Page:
October 1, 2016: Inflammation
P Delfani, G Sturfelt, B Gullstrand, A Carlsson, M Kassandra, C A K Borrebaeck, A A Bengtsson, C Wingren
Systemic lupus erythematosus (SLE) is a severe chronic inflammatory autoimmune connective tissue disease. Despite major efforts, SLE remains a poorly understood disease with unpredictable course, unknown etiology and complex pathogenesis. Apoptosis combined with deficiency in clearing apoptotic cells is an important etiopathogenic event in SLE, which could contribute to the increased load of potential autoantigen(s); however, the lack of disease-specific protein signatures deciphering SLE and the underlying biological processes is striking and represents a key limitation...
September 30, 2016: Lupus
Taro Iwamoto, Timothy B Niewold
Systemic lupus erythematosus (SLE) is an inflammatory autoimmune disease characterized by immune complex formation with multi-organ manifestations. Lupus nephritis (LN) is one of the most severe types of organ damage in SLE, and it clearly contributes to increased morbidity and mortality due to SLE. LN occurs more frequently and is more severe in non-European ancestral backgrounds, although the cause of this disparity remains largely unknown. Genetic factors play an important role in the pathogenesis of SLE...
September 28, 2016: Clinical Immunology: the Official Journal of the Clinical Immunology Society
Shu-Hui Chen, Qiao-Li Lv, Lei Hu, Ming-Jing Peng, Gui-Hua Wang, Bao Sun
Although lupus is, by definition, associated with genetic and immunological factors, its molecular mechanisms remain unclear. The up-to-date research findings point out that various genetic and epigenetic factors, especially gene-specific and site-specific methylation, are believed to contribute to the initiation and development of systemic lupus erythematosus (SLE). This review presents and summarizes the association between abnormal DNA methylation of immune-related cells and lupus-like diseases, as well as the possible mechanisms of immune disorder caused by DNA methylation, aiming at a better understanding of the roles of aberrant DNA methylation in the initiation and development of certain forms of lupus and providing a new insight into promising therapeutic regimens in lupus-like diseases...
September 30, 2016: Clinical and Experimental Immunology
Ye Shu, Qinghua Hu, Hai Long, Christopher Chang, Qianjin Lu, Rong Xiao
Autoimmune diseases are characterized by aberrant immune responses against healthy cells and tissues. However, the exact mechanisms underlying the development of these conditions remain unknown. CD4+CD25+ regulatory T cells (Tregs) are a subset of mature T cells which have an important role in maintaining immune homeostasis and preventing autoimmune diseases. Forkhead box p3 (Foxp3), a member of the fork head transcription factor family, is recognized as a marker of CD4+CD25+ Tregs. The decreased number and/or function of CD4+CD25+ Tregs in peripheral blood and related tissues has been demonstrated in systemic lupus erythematosus, systemic sclerosis, and other autoimmune diseases, which are at least partially regulated by epigenetic mechanisms...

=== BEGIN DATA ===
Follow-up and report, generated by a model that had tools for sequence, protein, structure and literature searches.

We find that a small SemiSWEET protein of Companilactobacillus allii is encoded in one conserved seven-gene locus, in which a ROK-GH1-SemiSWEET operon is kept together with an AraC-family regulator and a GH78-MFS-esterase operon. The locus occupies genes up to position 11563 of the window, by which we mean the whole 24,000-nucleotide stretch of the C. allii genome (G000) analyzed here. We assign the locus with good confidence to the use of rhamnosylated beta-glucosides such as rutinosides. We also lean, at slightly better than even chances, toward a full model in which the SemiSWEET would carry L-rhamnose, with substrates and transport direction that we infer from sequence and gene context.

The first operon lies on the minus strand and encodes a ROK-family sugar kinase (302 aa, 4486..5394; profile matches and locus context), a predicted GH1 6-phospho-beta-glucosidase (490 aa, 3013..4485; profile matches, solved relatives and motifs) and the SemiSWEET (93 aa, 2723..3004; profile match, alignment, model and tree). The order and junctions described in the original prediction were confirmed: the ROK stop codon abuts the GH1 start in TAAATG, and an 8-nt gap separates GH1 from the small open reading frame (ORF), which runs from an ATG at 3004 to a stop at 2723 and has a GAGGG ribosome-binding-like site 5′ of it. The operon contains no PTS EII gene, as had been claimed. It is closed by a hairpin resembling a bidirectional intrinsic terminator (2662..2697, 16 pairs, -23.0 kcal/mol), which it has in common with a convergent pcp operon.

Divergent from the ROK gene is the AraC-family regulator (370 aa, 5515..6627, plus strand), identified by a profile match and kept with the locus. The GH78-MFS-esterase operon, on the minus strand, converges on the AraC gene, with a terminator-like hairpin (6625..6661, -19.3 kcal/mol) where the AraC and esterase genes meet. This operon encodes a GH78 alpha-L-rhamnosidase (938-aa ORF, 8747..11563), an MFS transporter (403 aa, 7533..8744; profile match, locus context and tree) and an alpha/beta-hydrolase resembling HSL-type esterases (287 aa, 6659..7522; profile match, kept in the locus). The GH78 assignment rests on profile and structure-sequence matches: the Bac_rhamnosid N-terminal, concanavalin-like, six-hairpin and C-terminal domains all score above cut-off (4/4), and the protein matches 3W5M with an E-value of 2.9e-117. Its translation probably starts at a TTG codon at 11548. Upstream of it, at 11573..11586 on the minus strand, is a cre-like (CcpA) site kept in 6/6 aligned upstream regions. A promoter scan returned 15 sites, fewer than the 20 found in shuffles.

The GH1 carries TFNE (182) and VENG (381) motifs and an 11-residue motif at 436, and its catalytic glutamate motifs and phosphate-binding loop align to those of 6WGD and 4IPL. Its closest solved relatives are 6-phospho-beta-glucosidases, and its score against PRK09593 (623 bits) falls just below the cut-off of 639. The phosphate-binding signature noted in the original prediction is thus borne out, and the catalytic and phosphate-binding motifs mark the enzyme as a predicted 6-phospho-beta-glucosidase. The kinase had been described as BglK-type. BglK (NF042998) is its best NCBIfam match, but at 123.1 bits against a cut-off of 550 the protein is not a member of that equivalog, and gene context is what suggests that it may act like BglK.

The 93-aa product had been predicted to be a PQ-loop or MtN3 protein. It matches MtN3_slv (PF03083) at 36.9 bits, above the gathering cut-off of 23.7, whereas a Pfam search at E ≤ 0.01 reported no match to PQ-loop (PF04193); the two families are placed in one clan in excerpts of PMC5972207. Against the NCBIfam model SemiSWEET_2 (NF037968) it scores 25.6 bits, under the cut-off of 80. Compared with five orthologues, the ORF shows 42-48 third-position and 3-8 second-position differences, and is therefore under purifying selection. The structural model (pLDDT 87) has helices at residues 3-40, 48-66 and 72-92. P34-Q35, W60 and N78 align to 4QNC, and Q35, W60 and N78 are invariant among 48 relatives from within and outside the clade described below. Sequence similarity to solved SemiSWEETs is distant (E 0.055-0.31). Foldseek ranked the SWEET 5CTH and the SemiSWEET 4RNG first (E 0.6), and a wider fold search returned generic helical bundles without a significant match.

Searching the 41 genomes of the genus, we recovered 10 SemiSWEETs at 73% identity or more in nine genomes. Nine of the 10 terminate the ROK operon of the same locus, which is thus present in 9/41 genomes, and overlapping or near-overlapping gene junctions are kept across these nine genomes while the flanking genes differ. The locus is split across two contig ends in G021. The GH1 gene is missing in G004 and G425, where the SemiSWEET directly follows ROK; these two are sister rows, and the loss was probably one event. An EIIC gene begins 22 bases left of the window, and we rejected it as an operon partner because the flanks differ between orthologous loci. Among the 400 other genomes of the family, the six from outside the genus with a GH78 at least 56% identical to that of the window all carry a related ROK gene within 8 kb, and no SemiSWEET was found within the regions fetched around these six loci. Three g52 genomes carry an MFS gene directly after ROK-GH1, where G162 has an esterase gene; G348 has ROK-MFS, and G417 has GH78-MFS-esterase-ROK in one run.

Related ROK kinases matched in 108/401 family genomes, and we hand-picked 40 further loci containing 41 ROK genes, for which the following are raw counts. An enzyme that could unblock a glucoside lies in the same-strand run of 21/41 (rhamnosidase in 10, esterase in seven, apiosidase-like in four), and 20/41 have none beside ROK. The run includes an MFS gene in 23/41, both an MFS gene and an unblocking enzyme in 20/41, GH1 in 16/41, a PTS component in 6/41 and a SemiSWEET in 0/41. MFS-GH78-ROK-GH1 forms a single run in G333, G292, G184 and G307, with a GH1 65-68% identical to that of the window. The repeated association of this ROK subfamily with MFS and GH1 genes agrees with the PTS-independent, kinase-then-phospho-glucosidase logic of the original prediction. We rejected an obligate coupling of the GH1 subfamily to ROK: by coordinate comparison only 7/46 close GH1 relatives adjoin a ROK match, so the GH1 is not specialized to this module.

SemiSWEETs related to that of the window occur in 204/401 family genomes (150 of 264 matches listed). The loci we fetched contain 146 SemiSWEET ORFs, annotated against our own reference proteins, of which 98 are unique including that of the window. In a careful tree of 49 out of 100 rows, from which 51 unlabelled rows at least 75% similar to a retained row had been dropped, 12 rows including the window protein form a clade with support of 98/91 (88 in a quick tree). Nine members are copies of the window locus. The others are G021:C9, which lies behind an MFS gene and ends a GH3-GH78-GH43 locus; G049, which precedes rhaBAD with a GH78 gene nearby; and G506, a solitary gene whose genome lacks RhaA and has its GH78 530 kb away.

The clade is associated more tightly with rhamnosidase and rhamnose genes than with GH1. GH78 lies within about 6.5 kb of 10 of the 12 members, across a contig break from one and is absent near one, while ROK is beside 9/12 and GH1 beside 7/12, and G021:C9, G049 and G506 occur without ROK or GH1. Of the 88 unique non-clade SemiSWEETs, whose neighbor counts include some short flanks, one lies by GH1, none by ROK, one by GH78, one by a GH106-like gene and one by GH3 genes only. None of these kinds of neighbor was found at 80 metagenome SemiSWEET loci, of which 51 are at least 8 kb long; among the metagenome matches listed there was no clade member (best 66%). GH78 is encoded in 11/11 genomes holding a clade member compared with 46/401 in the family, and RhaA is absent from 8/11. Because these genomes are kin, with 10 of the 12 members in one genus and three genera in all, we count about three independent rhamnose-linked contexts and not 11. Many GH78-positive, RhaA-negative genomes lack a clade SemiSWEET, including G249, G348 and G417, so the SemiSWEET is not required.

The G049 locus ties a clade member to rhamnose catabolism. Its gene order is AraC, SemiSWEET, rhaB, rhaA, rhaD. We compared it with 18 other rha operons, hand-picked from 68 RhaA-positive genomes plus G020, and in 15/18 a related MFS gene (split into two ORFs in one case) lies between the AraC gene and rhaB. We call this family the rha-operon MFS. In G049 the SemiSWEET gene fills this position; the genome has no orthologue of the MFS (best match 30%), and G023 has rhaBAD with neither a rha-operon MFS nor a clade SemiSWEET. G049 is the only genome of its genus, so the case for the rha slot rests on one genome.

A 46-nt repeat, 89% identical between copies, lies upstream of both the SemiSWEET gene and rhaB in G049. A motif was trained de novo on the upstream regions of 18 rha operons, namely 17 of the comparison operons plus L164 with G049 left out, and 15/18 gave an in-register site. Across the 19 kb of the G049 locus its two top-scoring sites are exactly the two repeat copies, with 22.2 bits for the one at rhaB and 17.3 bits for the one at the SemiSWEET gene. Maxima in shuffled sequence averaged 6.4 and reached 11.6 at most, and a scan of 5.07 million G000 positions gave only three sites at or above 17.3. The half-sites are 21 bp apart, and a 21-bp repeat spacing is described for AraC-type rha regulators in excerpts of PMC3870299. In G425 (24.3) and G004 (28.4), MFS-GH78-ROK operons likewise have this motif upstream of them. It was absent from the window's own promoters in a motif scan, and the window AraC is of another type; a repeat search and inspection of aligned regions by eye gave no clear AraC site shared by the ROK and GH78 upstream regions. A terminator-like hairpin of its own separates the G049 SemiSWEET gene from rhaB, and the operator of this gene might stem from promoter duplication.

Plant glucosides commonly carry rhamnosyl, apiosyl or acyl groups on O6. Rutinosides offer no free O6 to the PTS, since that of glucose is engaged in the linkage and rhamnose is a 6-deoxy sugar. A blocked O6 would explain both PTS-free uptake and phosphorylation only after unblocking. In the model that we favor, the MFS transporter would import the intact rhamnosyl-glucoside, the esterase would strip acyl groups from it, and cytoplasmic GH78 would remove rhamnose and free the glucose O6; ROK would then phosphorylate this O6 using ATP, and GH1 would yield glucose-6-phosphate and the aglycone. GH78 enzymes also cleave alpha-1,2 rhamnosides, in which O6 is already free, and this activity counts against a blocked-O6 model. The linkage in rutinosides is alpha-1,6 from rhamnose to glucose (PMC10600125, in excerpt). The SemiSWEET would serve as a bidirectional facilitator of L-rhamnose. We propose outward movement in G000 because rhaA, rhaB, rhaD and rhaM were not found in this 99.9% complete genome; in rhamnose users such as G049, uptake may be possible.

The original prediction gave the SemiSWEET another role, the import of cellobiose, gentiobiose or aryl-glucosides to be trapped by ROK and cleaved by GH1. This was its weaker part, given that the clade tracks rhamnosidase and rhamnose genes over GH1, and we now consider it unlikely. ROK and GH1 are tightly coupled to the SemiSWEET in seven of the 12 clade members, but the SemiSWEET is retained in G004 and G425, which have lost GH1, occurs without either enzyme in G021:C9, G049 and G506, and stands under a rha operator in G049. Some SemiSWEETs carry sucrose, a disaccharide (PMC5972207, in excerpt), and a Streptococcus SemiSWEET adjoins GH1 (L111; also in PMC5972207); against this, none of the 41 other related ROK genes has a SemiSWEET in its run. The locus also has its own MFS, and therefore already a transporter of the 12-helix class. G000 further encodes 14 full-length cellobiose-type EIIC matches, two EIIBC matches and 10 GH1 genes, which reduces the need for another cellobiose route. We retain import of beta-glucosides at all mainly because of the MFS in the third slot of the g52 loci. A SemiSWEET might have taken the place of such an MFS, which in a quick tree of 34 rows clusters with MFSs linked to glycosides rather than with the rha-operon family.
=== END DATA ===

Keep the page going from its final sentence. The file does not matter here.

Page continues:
September 29, 2016: Clinical Reviews in Allergy & Immunology
J K Presto, E Z Hejazi, V P Werth
Cutaneous lupus erythematosus (CLE) is an autoimmune skin disease occurring in association with or without systemic lupus erythematosus (SLE). Although antimalarials are widely used as the first-line systemic agent, refractory cases may benefit from additional immunomodulators, immunosuppressives, and biologics. An interest in biological therapies for CLE has emerged in recent years due to novel insight into the pathogenesis of CLE. These targets include B cells, T cells, and cytokines that are involved in immune system pathways...
September 29, 2016: Lupus
Daniel Peckham, Thomas Scambler, Sinisa Savic, Michael F McDermott
Immune-mediated autoinflammatory diseases are occupying an increasingly prominent position among the pantheon of debilitating conditions that afflict mankind. This review focuses on some of the key developments which have occurred since the original description of autoinflammatory disease in 1999, and focuses on underlying mechanisms that trigger autoinflammation. The monogenic autoinflammatory disease range has expanded considerably during that time, and now includes a broad spectrum of disorders, including relatively common conditions such as cystic fibrosis and subsets of systemic lupus erythematosus...
September 29, 2016: Journal of Pathology
Stavros Giaglis, Sinuhe Hahn, Paul Hasler
Neutrophil extracellular trap (NET) formation represents a form of cell death distinct from apoptosis or necrosis, by which invading pathogens are simultaneously entangled and potentially eliminated. Increased NET formation is observed in systemic lupus erythematosus (SLE), rheumatoid arthritis, antineutrophil cytoplasmic antibody-associated small vessel vasculitis, antiphospholipid antibody syndrome (APS), and psoriasis. NETs contribute to the pathogenesis of autoimmunity by exposing cryptic autoepitopes, which may facilitate the generation of autoantibodies, induce the production of interferons, and activate the complement cascade...
2016: Frontiers in Pediatrics